Since 2014, the NSW Police Force has spent tens of millions of taxpayer dollars on “Body Worn Video Cameras” (BWVs), starting first with Sydney and extending to rural areas.
We’ve heard a lot about the pros and cons of body cameras, but what does the law actually say about their use? When can police operate them, and what happens to the footage?
The use of body cameras by police is authorised by section 50A of the Surveillance Devices Act 2007 (NSW).
The section says that police officers can use the devices:
- If they are acting in the execution of their duty; and
- If the use of the camera is overt eg if they inform the person who is to be recorded; and
- In the event they are recording a private conversation, if they are either in uniform or have provided evidence to other people in the conversation that they are a police officer.
A police media release states that “police will wear BWV cameras on their body so they are clearly visible to the public.” It goes on to state that, where practicable, police will advise those they are talking to that their conversation is being recorded.
Despite the requirement of being “overt”, section 50A(3) says that recordings which are “inadvertent or unexpected”, or incidental to the use of the body-worn video by the police officer, will still be allowed under the law.
When Can They be Used?
Police can use body cameras in both public and private places.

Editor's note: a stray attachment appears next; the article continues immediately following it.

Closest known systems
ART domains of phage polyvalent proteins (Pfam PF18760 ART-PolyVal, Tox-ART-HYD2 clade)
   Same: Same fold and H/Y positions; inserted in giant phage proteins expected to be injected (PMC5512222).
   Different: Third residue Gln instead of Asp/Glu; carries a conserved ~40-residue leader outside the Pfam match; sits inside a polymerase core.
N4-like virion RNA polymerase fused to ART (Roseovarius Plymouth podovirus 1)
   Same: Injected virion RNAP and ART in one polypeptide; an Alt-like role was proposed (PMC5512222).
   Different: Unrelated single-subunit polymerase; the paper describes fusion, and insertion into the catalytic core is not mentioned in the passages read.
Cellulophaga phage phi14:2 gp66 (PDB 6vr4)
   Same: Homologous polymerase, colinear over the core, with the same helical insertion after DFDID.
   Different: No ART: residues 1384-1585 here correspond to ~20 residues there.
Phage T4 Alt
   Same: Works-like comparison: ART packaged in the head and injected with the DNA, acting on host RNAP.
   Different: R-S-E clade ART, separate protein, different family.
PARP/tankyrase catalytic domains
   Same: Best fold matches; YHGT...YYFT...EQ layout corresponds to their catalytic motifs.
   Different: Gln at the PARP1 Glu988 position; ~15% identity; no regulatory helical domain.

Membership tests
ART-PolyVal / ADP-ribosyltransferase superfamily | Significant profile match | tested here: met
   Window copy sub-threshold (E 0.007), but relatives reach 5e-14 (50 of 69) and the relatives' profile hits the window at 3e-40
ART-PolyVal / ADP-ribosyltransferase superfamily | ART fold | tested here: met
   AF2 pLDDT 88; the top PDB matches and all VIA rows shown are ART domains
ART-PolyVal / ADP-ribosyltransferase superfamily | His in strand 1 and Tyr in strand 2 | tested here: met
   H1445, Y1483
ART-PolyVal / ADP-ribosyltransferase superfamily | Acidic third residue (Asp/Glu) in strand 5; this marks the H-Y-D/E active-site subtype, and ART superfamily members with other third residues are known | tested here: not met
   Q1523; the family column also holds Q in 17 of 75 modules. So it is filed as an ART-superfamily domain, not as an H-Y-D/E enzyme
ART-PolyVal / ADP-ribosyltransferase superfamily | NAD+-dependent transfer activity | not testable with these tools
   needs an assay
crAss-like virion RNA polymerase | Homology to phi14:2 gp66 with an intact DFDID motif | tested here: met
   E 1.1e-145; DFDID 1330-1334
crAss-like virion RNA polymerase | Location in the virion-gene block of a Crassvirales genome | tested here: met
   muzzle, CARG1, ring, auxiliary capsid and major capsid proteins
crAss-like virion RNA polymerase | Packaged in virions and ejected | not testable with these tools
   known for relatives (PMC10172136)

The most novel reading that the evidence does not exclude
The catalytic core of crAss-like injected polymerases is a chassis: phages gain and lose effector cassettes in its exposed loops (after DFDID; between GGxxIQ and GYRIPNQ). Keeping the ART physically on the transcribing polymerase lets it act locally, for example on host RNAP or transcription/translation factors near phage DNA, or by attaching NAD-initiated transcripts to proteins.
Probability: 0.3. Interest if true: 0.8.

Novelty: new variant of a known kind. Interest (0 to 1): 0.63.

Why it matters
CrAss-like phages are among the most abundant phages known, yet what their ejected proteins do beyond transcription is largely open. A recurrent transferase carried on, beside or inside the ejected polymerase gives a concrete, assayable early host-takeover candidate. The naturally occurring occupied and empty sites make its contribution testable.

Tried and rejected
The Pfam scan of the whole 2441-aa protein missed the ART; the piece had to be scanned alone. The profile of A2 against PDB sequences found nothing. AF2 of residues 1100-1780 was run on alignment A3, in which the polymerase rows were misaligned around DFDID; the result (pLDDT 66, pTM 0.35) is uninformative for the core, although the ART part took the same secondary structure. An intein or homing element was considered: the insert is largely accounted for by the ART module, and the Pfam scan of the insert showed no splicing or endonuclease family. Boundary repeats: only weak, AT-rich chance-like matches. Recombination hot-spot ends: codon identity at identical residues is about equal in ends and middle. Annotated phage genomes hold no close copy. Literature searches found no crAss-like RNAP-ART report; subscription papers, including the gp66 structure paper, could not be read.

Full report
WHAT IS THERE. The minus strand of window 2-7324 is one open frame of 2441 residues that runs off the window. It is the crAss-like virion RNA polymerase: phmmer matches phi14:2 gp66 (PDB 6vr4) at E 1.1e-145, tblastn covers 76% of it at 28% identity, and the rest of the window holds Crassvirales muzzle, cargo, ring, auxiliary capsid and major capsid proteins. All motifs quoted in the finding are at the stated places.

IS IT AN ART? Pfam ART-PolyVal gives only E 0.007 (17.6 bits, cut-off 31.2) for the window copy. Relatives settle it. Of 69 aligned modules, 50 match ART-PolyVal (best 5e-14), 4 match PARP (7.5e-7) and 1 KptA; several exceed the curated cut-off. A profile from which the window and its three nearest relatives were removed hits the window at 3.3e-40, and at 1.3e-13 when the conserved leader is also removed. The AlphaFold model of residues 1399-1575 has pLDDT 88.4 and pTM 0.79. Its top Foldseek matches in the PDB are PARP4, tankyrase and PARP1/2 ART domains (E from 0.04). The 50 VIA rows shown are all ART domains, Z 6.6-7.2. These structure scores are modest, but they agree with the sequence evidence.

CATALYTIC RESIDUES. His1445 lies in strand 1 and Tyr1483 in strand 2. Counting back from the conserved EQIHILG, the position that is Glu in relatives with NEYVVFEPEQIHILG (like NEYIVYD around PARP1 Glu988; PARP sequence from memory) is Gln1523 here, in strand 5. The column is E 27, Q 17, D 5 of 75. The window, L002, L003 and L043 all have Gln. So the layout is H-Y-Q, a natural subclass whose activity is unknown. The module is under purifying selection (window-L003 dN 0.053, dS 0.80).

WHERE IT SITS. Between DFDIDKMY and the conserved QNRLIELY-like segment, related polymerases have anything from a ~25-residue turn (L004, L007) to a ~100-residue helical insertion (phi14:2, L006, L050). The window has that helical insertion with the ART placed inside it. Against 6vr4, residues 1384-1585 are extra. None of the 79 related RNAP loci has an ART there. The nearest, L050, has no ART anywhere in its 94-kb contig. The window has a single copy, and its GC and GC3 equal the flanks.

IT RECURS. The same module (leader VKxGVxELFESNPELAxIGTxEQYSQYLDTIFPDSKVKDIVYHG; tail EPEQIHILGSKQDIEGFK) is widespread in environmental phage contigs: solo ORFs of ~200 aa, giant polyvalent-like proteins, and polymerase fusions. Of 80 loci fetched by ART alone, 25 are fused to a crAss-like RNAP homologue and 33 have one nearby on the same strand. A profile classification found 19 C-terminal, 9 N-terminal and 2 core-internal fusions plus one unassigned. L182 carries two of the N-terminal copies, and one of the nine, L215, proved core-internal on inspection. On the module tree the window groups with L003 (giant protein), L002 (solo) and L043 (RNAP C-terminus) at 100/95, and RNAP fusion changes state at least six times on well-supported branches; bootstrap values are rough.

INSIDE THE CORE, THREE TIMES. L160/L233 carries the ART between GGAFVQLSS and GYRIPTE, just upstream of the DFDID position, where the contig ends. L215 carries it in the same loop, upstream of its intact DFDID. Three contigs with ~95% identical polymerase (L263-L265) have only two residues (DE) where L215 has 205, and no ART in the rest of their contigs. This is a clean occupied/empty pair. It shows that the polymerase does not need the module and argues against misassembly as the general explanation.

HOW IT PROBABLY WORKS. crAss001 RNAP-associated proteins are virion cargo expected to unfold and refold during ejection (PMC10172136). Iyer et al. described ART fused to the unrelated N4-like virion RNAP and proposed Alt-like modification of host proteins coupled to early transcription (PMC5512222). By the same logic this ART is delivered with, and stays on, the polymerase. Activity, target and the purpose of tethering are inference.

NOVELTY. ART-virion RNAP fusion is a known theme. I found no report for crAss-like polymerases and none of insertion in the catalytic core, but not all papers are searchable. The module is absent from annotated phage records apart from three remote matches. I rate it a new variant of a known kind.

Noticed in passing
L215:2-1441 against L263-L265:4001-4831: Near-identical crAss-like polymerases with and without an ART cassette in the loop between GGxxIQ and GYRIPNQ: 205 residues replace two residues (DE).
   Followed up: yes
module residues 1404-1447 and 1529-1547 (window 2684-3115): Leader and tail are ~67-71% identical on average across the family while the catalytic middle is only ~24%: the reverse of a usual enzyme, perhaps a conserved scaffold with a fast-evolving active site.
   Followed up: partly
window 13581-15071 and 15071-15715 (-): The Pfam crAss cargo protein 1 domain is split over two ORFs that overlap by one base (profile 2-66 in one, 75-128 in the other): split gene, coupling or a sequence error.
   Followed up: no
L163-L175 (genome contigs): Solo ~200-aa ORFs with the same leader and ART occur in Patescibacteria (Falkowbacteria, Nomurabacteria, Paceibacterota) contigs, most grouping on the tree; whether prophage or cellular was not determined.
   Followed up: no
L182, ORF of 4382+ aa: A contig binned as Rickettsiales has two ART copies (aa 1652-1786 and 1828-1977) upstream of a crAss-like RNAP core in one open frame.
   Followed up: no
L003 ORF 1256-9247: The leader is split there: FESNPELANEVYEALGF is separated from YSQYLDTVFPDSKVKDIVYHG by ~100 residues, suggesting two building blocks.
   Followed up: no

The decision to use a body camera is discretionary, meaning that police decide whether (and when) to turn it on – even if a member of the public requests that an encounter be filmed.
This means that police can simply decide what they wish to film.
What Happens to the Footage?
The footage is classified as protected information; which means it is meant to be downloaded off the cameras and stored in a police archive.
Police officers are not supposed to delete footage from the cameras. Rather, they are required to download it onto a police database and archived. No one is supposed to copy, use or disclose the information for non-official purposes.
The footage is only meant to be used:
- In court as evidence;
- For investigation, including complaints against police;
- As training material for police; or
- As otherwise allowed by regulations.
Any illegal use of the footage an offence, and those found guilty can face going to prison for up to two or five years (depending on the conduct).
A range of concerns have been raised about the law when it comes to the use of BWVs.
The most glaring issue is that police have full discretion over the use of the cameras – meaning they can turn them on and off as they please. This means they could potentially provoke a member of the public, then film parts of the reaction, then stop filming and engage in further misconduct thereafter. It also means police can choose not to film an encounter at all.
There are calls for the law to be amended to require the activation of cameras at all times when officers are in a public place, or at least during all encounters with members of the public, unless entirely impractical. The current law allows officers to refuse to film an encounter even if requested to do so by the person they confront.
There are also concerns that police will simply neglect to download incriminating footage as required, or will illegally access, misuse, delete or edit footage contained on the police database.
Only time will tell whether police body cameras will keep police and the public accountable as claimed, or simply be used as a tool to record only that which benefits police.